I’m pretty certain there’s going to be no late season nectar flow, I think it’s “all over bar the shouting” in my Fife apiaries.

However ‘just in case’ I’ve given them some drawn comb to use instead.

They won’t 🙁 .

Two queens still

Attentive readers will remember I found a freshly emerged virgin queen in a colony with a – to me at least {{11}} – perfectly good 2023 clipped, marked laying queen.

Now, a fortnight later, both queens are still in the same box.

She looks fine to me

I found the marked queen on the central frames apparently laying well (at least, I observed her laying and assume the eggs on adjacent frames were probably also laid by her). I found the unmarked queen on an outer frame, scuttling around on cells filled with pollen

The usurper?

Although she was plumper and a bit less skittish I think she’s still unmated or, if mated, yet to start laying.

The weather over the intervening fortnight has certainly been good enough for queen mating, with 6-7 days over 20°C which is often quoted as the lower limit for queen mating {{12}}.

There seemed no point in intervening so I left them to get on with things and will be interested to see what has happened (if anything) by my next visit.

Winter reading

Brian Johnson’s book Honey Bee Biology has just been published by Princeton University Press. This is a scientific review of the current (and historical in places) understanding of the biology of honey bees. My copy arrived this week and I’ve dipped into it to check a few topics, but will read it carefully over the winter.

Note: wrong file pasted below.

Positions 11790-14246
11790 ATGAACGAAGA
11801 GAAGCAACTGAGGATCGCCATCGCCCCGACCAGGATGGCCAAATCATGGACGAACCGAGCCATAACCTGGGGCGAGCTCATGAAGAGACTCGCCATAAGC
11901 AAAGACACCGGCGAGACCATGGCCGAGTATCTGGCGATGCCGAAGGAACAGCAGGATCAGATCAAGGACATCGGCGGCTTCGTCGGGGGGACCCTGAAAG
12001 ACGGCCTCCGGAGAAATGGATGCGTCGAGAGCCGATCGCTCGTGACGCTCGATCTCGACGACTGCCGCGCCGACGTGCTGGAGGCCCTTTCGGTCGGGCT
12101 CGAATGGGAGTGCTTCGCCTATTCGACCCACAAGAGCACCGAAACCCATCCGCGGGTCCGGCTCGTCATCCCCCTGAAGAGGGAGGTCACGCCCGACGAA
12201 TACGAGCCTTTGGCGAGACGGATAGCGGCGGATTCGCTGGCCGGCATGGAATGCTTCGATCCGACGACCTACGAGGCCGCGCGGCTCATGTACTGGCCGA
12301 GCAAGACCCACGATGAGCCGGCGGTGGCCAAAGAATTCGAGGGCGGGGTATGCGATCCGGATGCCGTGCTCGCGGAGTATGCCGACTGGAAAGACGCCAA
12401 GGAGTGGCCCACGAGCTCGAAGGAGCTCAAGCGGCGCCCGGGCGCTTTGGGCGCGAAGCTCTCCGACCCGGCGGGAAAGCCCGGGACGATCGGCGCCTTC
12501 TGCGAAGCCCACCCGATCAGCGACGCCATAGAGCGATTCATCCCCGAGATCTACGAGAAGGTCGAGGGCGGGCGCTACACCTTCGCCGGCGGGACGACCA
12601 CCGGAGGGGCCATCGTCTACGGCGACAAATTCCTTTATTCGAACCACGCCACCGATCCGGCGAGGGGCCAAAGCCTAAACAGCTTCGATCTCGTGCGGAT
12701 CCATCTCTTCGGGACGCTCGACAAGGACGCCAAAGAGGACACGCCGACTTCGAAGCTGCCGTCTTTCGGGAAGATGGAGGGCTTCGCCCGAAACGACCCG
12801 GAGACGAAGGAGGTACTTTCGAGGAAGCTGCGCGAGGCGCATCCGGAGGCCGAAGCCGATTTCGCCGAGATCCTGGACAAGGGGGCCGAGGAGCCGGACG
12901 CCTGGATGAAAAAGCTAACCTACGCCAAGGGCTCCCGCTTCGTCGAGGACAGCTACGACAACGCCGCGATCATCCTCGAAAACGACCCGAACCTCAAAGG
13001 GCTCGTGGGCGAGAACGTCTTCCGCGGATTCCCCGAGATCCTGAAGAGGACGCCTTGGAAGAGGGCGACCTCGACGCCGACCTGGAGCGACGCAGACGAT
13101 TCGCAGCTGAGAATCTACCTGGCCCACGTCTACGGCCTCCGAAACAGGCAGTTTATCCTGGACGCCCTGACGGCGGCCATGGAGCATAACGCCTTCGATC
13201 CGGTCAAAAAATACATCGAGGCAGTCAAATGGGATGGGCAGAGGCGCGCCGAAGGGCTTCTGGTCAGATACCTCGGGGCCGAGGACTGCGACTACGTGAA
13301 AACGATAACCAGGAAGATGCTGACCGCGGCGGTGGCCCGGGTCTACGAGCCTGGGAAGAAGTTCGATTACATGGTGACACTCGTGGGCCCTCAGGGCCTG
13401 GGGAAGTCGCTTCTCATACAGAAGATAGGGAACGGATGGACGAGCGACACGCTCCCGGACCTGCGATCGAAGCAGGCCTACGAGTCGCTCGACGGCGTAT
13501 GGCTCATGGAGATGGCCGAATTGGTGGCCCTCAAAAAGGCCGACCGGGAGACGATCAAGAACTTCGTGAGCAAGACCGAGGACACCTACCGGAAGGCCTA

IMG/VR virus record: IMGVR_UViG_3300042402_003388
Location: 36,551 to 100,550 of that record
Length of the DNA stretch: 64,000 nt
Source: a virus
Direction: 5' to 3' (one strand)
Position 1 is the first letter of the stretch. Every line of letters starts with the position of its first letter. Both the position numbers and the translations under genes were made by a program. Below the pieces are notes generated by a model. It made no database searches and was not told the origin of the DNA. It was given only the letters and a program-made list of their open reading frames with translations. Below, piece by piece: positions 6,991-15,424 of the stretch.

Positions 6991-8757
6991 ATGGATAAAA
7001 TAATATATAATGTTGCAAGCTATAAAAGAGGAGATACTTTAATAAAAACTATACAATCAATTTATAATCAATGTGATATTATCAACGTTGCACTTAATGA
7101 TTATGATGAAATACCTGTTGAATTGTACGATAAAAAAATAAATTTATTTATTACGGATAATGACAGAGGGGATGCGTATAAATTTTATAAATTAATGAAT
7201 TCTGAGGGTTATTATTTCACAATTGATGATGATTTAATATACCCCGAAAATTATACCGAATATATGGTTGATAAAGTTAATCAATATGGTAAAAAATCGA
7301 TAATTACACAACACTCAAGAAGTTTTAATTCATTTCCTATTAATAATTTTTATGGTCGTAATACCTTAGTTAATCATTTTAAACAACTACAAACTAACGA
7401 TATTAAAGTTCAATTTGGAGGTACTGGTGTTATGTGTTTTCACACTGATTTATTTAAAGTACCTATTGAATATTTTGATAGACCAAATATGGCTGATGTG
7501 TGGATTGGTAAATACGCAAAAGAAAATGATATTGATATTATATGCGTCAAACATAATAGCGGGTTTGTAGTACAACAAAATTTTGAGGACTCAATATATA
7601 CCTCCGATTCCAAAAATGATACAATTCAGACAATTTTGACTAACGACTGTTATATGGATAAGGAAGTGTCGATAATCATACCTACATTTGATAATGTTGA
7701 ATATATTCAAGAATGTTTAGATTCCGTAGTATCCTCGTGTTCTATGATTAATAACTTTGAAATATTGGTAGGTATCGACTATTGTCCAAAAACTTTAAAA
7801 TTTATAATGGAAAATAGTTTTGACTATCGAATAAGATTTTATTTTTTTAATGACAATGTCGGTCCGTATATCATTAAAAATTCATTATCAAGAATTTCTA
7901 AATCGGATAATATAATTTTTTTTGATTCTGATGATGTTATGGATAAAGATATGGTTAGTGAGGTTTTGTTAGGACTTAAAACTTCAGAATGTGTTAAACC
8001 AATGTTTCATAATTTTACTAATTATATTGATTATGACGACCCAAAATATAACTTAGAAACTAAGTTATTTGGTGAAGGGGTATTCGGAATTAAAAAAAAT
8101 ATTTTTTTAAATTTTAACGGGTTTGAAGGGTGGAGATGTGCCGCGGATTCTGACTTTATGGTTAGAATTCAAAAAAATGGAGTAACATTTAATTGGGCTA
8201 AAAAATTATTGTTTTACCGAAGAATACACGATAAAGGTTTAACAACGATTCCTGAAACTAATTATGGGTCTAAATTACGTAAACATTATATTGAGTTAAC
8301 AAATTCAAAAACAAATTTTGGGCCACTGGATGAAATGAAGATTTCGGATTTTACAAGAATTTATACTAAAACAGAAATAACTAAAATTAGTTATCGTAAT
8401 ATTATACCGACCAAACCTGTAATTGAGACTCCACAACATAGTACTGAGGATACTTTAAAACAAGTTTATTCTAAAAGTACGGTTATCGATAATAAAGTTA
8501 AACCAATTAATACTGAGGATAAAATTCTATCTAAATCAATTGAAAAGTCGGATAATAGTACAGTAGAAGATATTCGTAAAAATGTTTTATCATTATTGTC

One of the topics I skimmed was supersedure and I was disappointed and relieved in equal measure to find that Johnson knows as much, or as little, as I do on the topic 😉 .

Johnson’s book is probably not recommended for those uncomfortable when faced by some some pretty heavyweight biology. He doesn’t hold back when it is necessary to discuss Notch signalling or cGMP protein kinases.

You have been warned … but if you’re still interested, NHBS have the book on special offer at the moment {{13}}.

Winter reading and field guides

In the same parcel from NHBS I also received two slim Bloomsbury Wildlife Pocket Guides by Richard Lewington; to the butterflies and the bumble bees of Great Britain and Ireland. Both are beautifully illustrated and contain more than enough information to identify things you see in the apiary. The bumble bees book covers just one tenth of the bees detailed in Steven Falk’s magnum opus, the Field Guide to the Bees of Great Britain and Ireland {{14}}, but if you struggle to distinguish a Bombus ruderarius from a Bombus ruderatus then you’ll get the answer faster from the Lewington guide.